Figure 1 shows the common fluorochromes currently used in our laboratory, which can all be directly conjugated to monoclonal antibodies. Also shown are the excitation and emission spectra and suggested bandpass filters for each fluorochrome. Ideally, each fluorochrome should be conjugated to a wide variety of monoclonal specificities in order to provide a wide range of possible panels; of course, this requires a fairly substantial investment of both fluorochromes and monoclonal antibodies. New fluorochromes are becoming available that are more photo stable and easier to conjugate, such as the Alexa family of fluorochomes (i.e., Alexa, 488, 532, 660, 633, 647, and 680). Commercial manufacturers currently offer only a limited range of fluorochromes conjugated to specific monoclonal antibodies. Table I shows that only 7 of the 12 fluorochromes used in our laboratory are available commercially; this range is currently increasing but is still a limiting factor. In addition, newer conjugates have far more limited reagent combinations available until manufacturers can build up a significant inventory. Hence, it is likely that researchers who wish to perform more than 6-color flow cytometry will likely need to invest in the ability to manufacture reagents in-house. In general, this is incorporated most efficiently into a core facility that can supply reagents to multiple research laboratories.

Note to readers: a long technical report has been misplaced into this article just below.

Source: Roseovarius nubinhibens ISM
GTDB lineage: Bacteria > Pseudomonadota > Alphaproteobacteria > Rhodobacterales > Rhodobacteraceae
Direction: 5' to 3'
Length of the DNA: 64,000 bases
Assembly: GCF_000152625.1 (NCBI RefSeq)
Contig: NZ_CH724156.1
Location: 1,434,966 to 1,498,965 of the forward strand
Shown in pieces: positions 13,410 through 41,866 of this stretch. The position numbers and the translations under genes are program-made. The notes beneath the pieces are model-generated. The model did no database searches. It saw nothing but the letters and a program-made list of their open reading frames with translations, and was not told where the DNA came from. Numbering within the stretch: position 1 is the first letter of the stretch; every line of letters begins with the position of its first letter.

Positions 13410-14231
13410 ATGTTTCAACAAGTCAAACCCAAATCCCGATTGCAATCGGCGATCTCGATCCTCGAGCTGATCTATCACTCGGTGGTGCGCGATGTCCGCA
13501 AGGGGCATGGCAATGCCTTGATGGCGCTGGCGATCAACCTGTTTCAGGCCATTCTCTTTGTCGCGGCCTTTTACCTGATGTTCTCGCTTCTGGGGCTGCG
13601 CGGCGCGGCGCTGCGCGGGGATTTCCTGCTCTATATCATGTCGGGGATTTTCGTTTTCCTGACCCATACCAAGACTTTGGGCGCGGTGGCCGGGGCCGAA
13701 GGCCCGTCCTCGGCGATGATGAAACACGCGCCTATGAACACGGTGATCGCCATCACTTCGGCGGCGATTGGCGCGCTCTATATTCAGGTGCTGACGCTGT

FIGURE 1 Conjugate spectrum chart of excitation and emission curves for common fluorochomes used in PFC. Laser lines show which conjugates are excited by the individual laser lines and the selected bandpass filters used to measure the specific emission.
FIGURE 1 Conjugate spectrum chart of excitation and emission curves for common fluorochomes used in PFC. Laser lines show which conjugates are excited by the individual laser lines and the selected bandpass filters used to measure the specific emission.


B. Qualification of Fluorescently Conjugated Monoclonal Antibodies (mAbs)
Regardless of the conjugate used (i.e., commercial or in-house), all mAbs require titration against a target cell population to determine the optimal concentration for staining. Note that staining conditions (temperature, time, and volume) impact the titration; thus, qualification should be performed under the same conditions as experimental staining. By plotting the median of the positive cell population against the serial dilution of the mAb as illustrated in Fig. 2, the lowest concentration at which the maximum separation can be discerned; in general, this is the optimal concentration to use (in this example, 10btg/ml). Lower concentrations of mAb result in loss of resolution (note, however, that for some mAbs the separation is still highly adequate at very low concentrations, allowing the use of the reagent at a more economical rate). It cannot be overemphasized that proper titration and selection of mAb concentration are paramount for successful multicolor analysis. Adding too much antibody conjugate can have as much effect on sample analysis as the addition of too little antibody conjugate. In this situation, backgrounds increase due to nonspecific binding of the antibody conjugate, thus reducing the signal-to-background ratio dramatically.